How to Use Visible Mending to Customize Clothing As You Repair It

Turn a hole in a well-loved jacket or duvet from a bummer to a style opportunity and revitalize your treasured pieces with some mending artistry.

Project Overview
  • Working Time: 2 hours
  • Total Time: 2 hours
  • Skill Level: Beginner
  • Estimated Cost: $10

In antique shops, you'll often find vintage tablecloths patched by hand, a charming sign of the item's long, happy life. If you're living a more sustainable lifestyle, consider visible mending and making things stand out with high-impact patches and stitches. You won't be without company—more than 166,000 Instagram posts are tagged #visiblemending.

With the techniques here, you not only extend the usefulness of a piece but also give it a custom look. Learning how to use visible mending requires just a few inexpensive materials and basic embroidery stitches. Inspired by the Japanese art of Sashiko mending with visible stitches, these bold ideas will help you repair your clothes and linens in a truly beautiful way.

What You'll Need

Equipment / Tools

Patching Holes in Denim Jackets or Jeans

  • Scissors
  • Fabric glue stick
  • Straight pins
  • Needles
  • Embroidery Floss

Appliqué Patching

  • Freezer Paper
  • Scissors
  • Iron
  • Fabric glue stick
  • Needle
  • Thread
  • Tweezers

Darning a Sock

  • Cotton crochet thread, embroidery floss, or wool yarn
  • Needle
  • Darning egg or darning mushroom


Patching Holes in Denim Jackets or Jeans

  • Item to Mend
  • Fabric

Appliqué Patching

  • Fabric

Darning a Sock

  • Sock for mending


blue and purple place settings on quilted cloth and napkins
Carson Downing

Visible Mending Stitches

As you mend, don't worry about every stitch being identical. Freestyling will result in a handmade effect. Use these stitches to create unique and interesting designs.

illustration of running stitch
Illustration by Rachel King Birch

Running Stitch

This stitch is so easy that you may have learned it as a kid. Poke a needle through the fabric from back to front then down again about 1/4-inch away; repeat in a straight (or straightish) line.

illustration of crossed straight stitch
Illustration by Rachel King Birch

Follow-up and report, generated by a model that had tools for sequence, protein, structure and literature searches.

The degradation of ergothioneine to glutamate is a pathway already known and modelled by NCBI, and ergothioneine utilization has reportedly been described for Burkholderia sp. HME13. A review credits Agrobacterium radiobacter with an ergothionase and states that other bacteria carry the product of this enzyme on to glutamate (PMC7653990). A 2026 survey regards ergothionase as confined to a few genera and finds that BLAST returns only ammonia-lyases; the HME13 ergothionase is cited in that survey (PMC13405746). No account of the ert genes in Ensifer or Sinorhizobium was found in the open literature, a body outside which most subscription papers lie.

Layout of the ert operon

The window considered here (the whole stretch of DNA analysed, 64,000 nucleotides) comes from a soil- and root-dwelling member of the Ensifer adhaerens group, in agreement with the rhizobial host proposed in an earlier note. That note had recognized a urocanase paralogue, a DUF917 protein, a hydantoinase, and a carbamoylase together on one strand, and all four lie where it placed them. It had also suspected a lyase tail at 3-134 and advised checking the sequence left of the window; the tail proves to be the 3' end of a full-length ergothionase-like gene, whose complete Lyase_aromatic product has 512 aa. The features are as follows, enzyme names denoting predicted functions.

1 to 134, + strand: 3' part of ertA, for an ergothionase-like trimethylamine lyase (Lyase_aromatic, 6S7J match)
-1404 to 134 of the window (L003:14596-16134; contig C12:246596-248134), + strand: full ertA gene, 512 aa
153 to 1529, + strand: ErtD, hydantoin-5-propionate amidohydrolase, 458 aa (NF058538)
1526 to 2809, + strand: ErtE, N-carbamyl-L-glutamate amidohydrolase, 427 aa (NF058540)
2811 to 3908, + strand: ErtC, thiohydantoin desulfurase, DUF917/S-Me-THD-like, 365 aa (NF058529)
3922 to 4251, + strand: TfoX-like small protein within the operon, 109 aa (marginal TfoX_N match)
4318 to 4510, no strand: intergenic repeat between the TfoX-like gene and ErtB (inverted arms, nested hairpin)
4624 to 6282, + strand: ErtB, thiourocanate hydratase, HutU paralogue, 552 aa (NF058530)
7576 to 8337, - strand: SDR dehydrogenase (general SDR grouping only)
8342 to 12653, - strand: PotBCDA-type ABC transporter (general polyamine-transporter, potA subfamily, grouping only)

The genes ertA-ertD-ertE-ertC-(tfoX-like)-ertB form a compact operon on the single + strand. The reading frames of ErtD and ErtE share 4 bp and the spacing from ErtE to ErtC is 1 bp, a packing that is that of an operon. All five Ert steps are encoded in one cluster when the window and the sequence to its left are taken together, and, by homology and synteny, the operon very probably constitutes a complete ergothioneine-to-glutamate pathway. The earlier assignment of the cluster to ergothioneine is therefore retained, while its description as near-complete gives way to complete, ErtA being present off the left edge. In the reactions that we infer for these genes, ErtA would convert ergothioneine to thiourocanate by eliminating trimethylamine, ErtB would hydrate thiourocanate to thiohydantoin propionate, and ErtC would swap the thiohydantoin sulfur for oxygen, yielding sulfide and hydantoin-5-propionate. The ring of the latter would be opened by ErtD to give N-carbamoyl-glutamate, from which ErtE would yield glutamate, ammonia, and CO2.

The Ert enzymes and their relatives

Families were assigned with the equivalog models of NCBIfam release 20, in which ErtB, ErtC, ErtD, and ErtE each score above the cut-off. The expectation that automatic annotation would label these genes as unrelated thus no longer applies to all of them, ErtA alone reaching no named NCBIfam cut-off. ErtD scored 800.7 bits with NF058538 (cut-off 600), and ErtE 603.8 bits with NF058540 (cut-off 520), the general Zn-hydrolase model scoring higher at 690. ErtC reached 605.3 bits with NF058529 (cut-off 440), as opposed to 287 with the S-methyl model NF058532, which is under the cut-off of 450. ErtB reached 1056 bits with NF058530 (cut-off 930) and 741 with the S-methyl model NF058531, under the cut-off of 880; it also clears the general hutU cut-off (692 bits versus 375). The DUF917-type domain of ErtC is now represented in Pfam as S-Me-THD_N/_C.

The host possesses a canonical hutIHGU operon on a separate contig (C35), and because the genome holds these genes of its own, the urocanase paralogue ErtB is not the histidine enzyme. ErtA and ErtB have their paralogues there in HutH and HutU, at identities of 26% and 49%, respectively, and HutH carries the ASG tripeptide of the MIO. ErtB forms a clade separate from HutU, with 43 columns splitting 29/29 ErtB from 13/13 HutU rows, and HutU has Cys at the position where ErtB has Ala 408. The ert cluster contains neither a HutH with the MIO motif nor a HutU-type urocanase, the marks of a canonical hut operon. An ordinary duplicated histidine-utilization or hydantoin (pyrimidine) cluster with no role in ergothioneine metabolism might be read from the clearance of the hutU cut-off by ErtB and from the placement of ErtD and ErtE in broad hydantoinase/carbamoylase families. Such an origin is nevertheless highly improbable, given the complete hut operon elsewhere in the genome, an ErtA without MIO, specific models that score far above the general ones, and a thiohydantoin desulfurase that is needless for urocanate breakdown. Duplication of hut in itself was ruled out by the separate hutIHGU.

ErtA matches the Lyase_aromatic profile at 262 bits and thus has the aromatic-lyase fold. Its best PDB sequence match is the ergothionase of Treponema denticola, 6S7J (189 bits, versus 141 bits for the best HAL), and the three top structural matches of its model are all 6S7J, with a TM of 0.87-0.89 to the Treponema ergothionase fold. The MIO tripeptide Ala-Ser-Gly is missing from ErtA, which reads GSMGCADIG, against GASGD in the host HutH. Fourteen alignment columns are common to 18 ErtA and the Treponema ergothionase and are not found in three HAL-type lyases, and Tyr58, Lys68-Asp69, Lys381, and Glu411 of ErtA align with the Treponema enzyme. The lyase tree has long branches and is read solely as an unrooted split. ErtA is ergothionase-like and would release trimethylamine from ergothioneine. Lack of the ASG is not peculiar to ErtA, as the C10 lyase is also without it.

Crossed Straight-Stitch

Not to be mistaken with cross-stitch, this is a series of horizontal running stitches covered by vertical running stitches.

illustration of seed stitch
Illustration by Rachel King Birch

Seed Stitch

This is a series of running stitches going in random directions rather than a straight line.

patched jean jacket with cloth swatches
Carson Downing

How to Patch Holes in Denim Jackets or Jeans

  1. Prepare Patch

    Patch holes in a denim jacket or jeans with fabrics that reflect your style. Extending decorative stitching beyond the patch makes it stand out. To begin, clean up any messy strings around the hole using scissors. Next, cut a fabric patch ½-inch larger on all sides than the hole. Turn the jacket or jeans inside out.

  2. Attach Patch

    Attach the patch to the hole using a fabric glue stick ($4, Joann). Reinforce the patch with sewing pins ($3, Walmart) and ensure the right side of the fabric faces out through the hole. Turn the item right side out.

  3. Add Decorative Stitches

    Thread a regular sewing needle ($6 for a five-pack, Walmart) with embroidery floss and knot at one end. Start on the backside of the fabric with a series of horizontal running stitches. Create a new stitch every ¼ inch. Overlap the hole by a few inches on each side. Repeat the process with a series of vertical running stitches, so the visible threads create small plus signs. Knot thread when finished.

lavender bedroom with quilted blue bed spread
Carson Downing

How to Appliqué Patch

  1. Prepare Patch

    To cover and reinforce holes, try an appliqué method for a seamless appearance. Iron a circle of freezer paper ($5, Target) shiny side down to the wrong side of patch fabric; cut out fabric, leaving ¼-inch allowance around freezer paper. Dab a fabric glue stick onto freezer paper; press over the hole.

  2. Stitch Patch

    Working around the circle, fold fabric's ¼-inch allowance under the paper and whipstitch the outer edge of the circle to what you are mending. (Try not to stitch through paper.) When there's ½-inch left unsewn, pull out the paper with tweezers. Sew up hole.

mended socks and yarn on mauve cloth
Carson Downing

How to Darn a Sock

  1. Sew Vertical Stitches

    Trim the hole to remove excess threads. Place a wood-darning egg ($10, Etsy), a wood-darning mushroom ($13, Etsy), or even a tennis ball inside the sock behind the hole. This helps maintain the sock's shape as you mend. Thread needle with yarn, embroidery floss, or thread. For wool socks, use wool yarn. For cotton ones, cotton crochet thread or embroidery floss works. Sew rows of vertical running stitches back and forth at least ½-inch beyond hole on all sides, taking long stitches over the hole.

  2. Repeat Horizontally

    Repeat the process horizontally, weaving the thread over and under the long stitches until you've completely covered the hole. Weave in ends of yarn and trim.

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